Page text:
Bittersweet battle


POSTED: Wednesday, August 26, 2009

Rancher James P. Akiona was 27 years old when he first applied for a 300-acre Hawaiian homestead lot on the Big Island in 1952. He finally got his Honokaia property in 2007, some 55 years later—many of them spent on legal wrangling with the Hawaiian Homes Commission.

But on the day he was to get an award for his fight for the land, Akiona was in a hospital fighting for his life. He suffered a torn artery in his brain, relatives said.

Yesterday, Akiona's family, most of them from Kona, accepted the 2009 Native Hawaiian Advocate Award on his behalf from the Native Hawaiian Legal Corp. The award was presented at the Eighth Annual Native Hawaiian Convention to Akiona and Mahealani Perez-Wendt, retiring executive director of the organization.

Nyna Akiona, his wife of 59 years, recounted the frustrating battle her husband waged for decades.

“;We waited all these years,”; she said. “;There was a new commission chairman every four years, and my husband went to every one. We've had disappointment after disappointment, but my husband never gave up.”;


In 1990, Akiona received a 100-acre lot in Puukapu—inadequate for commercial ranching—instead of the 300 acres he wanted. The Native Hawaiian Legal Corp. helped Akiona and his friend Sonny Kaniho (a noted Hawaiian activist who died Aug. 14) initiate a lawsuit on behalf of about a dozen “;aged Hawaiians”;—others in similar straits. They sued the state Department of Hawaiian Home Lands for failing to make larger homestead lots available for commercial ranching, she said.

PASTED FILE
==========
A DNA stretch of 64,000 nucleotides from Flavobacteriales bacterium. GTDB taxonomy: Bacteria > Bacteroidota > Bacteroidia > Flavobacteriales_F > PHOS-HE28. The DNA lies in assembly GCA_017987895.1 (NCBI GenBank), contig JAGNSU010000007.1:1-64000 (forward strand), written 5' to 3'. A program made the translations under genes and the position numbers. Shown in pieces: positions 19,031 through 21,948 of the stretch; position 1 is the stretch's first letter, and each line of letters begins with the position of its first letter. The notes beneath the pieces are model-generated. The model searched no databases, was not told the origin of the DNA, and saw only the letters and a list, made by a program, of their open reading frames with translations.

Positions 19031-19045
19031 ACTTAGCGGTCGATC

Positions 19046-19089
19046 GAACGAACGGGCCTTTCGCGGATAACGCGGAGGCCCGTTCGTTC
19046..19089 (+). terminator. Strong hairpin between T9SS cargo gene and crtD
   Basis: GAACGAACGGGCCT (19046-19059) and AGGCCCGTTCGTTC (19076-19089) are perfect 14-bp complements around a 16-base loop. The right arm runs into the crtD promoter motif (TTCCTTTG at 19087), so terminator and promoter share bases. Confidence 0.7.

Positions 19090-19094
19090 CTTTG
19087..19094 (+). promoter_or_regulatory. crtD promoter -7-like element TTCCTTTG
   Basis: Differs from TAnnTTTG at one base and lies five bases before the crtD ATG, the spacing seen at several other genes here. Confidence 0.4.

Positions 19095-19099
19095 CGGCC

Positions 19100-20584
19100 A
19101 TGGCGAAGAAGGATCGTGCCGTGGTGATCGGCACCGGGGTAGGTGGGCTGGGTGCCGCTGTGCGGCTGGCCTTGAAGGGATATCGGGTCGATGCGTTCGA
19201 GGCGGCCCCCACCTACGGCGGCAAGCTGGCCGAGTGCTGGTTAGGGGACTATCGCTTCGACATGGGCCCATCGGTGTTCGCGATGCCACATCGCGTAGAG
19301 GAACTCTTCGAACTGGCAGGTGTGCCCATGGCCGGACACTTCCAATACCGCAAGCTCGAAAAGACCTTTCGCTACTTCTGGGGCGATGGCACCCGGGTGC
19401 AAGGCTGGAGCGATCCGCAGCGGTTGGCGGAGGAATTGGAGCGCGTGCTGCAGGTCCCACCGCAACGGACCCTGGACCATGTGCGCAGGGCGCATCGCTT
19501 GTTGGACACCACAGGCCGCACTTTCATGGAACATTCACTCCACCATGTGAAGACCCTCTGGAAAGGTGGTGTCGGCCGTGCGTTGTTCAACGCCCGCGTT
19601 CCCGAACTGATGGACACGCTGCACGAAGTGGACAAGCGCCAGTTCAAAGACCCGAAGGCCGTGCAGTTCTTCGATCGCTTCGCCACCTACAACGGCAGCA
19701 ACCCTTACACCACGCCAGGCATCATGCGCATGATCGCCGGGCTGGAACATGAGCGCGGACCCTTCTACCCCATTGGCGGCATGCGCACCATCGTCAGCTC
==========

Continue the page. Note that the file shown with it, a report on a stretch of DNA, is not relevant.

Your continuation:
They won the case in 1995, but by then a lot of the old Hawaiians had died, and “;now look at my husband,”; Nyna Akiona said, referring to his hemorrhagic stroke. “;I blame the system for doing what they did.”;

The Akionas have seven children, 22 grandchildren and 21 great-grandchildren. Their son James Akiona Jr. said, “;What my dad has accomplished for my children and my children's children—we now have some place ... for future generations.”;

Grandson T.J. Akiona, who works on the ranch with other relatives, said, “;My grandfather always said, 'Ho'omanawanui: Be patient. God going take care. One day it's gonna come.' He didn't know how long it would take, but he was gonna fight it to the finish.”;

His grandfather is still struggling for adequate water to support ranch operations as guaranteed under the Hawaiian Homes Commission Act, he said.

“;But fighting for his life is the biggest battle he has now,”; Akiona added.